The Looker: The Lost Village Tour

Sabotage Theatre’s latest play, The Looker, criss-crosses the threshold between dream and reality. This dystopian tale, by local author Zoe Hinks, is set in a post-industrial future, but staged at rural venues around Sussex with the help of a horse and cart. It is part social commentary, part fantastical journey. And it’s superb theatre.

The main character, Vera, lives in a 9 to 5 routine in Ashford. She’s earning to consume, stuffed with technology. So when she hears about the intriguing ‘Looker’, she quits the office and heads off in pursuit.

It quickly gets scary. She is knee-deep in a recycling dump patrolled by scavengers living on the margins. There are howls from the pit. She moves on. Her journey is punctuated with fantastical creatures and tantalising hints about the ‘Looker’. Finally, she reaches a cliff edge between violence and insanity. She is at Dungeness facing the oncoming nail bombs. We won’t spoil the ending.

We caught up with Zoe Hinks and Carl Boardman from Sabotage Theatre after a stunning rehearsal at their Copperdollar Studios in Kemptown. Zoe described the lead characters as “so stuck they can’t escape” so they seek transformation through dreams. For Carl, who directed the lighting, theatre is excellent on these themes. “We can go into outer space, fly, move out of time.” The actors and audience are “close up and vulnerable”.

The production combines actors and masks with creatures enacted by lifesize puppets or conjured by roving bike lamps. Zoe pointed to the resurgence of puppetry in theatre for all ages. The puppets – made by the Sabotage team – star alongside the five actors. Many props originated from rubbish tips.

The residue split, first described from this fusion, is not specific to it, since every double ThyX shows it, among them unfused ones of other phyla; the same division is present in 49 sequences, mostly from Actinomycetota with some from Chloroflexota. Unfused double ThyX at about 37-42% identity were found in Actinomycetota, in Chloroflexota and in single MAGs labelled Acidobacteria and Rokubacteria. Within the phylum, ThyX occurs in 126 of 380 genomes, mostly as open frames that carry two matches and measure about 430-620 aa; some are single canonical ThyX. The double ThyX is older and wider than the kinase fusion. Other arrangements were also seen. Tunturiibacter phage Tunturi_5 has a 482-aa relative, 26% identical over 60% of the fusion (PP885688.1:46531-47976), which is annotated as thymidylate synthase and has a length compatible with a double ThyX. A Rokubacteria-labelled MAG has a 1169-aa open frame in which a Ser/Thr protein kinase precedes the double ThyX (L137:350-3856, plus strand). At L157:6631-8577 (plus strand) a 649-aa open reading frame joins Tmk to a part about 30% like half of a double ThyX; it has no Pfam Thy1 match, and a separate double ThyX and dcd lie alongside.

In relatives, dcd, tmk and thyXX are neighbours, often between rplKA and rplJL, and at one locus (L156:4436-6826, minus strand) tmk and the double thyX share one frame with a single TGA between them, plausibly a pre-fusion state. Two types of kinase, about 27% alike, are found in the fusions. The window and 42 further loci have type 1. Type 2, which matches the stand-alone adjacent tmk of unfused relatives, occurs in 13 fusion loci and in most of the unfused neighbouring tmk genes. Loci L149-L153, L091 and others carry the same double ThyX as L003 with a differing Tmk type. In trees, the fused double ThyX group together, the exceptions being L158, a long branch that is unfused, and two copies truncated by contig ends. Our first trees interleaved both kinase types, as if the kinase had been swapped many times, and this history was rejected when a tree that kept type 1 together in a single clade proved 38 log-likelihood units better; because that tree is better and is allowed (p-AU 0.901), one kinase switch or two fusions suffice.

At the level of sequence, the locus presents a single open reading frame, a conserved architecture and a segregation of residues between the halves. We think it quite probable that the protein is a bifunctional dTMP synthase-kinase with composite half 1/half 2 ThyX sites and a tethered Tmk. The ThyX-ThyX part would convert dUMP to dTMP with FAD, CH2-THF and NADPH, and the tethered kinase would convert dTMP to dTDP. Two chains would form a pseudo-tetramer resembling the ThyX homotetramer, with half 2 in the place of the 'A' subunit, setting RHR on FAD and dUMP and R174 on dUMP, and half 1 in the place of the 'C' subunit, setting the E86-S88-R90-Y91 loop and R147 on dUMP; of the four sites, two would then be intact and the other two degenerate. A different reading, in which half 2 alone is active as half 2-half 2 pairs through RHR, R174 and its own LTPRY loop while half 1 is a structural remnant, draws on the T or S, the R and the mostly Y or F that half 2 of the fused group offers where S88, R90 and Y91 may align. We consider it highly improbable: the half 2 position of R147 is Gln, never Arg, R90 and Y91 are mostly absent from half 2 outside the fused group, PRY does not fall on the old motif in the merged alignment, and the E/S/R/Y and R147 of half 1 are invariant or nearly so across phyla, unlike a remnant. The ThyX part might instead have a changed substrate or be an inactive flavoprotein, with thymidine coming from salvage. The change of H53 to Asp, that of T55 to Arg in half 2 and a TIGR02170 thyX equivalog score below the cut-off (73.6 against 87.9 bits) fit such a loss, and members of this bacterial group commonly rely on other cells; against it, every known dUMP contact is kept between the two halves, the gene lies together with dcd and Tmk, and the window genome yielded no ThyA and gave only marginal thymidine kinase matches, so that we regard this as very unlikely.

The drama doesn’t end with the play. They will pitch up and perform in villages across Sussex and Kent travelling by horse and cart. But why rural – and why by horse?

First, they’ve got form. In 2015 they completed a tour through Kent, travelling about 12 miles a day. On arrival, they needed to “get grass for the horse, firewood, toilets… we require people’s co-operation, we’re relying on them – and they know it,” according to Carl. This created a strong connection with the audience. The journey also added to the performance Carl reckoned. “When you are in the wild, travelling in costume, how much more theatrical you are!”

Second, Sabotage’s manifesto states they want to make plays that “surprise, entertain and emotionally engage” and bring them to “rural and isolated communities”. Zoe reminded us that there used to be “world-changing theatre in rural areas” and “there is no reason why it should not be cutting edge.”

She added that: “Sabotage Theatre is small and rough round the edges. We’re forced to find creative solutions to avoid creative disasters!”

The play comes to the Brighton area in June. Look out!

Balsdean (near Woodingdean), Friday 16th June, 8pm
Stanmer Village, Sunday 18th June, 5pm

Visit www.sabotagetheatre.com for tickets and directions.

Words by Mike Aiken
Photos by Zinta Gercans

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Mike Aiken

Mike lives in Brighton. This is a full time occupation. He's also a researcher, writer and activist. Any time left over he spends hanging around cafes and pubs listening to people on their phones. He loves theatre that pokes into difficult places. You won't find him on Facebook.

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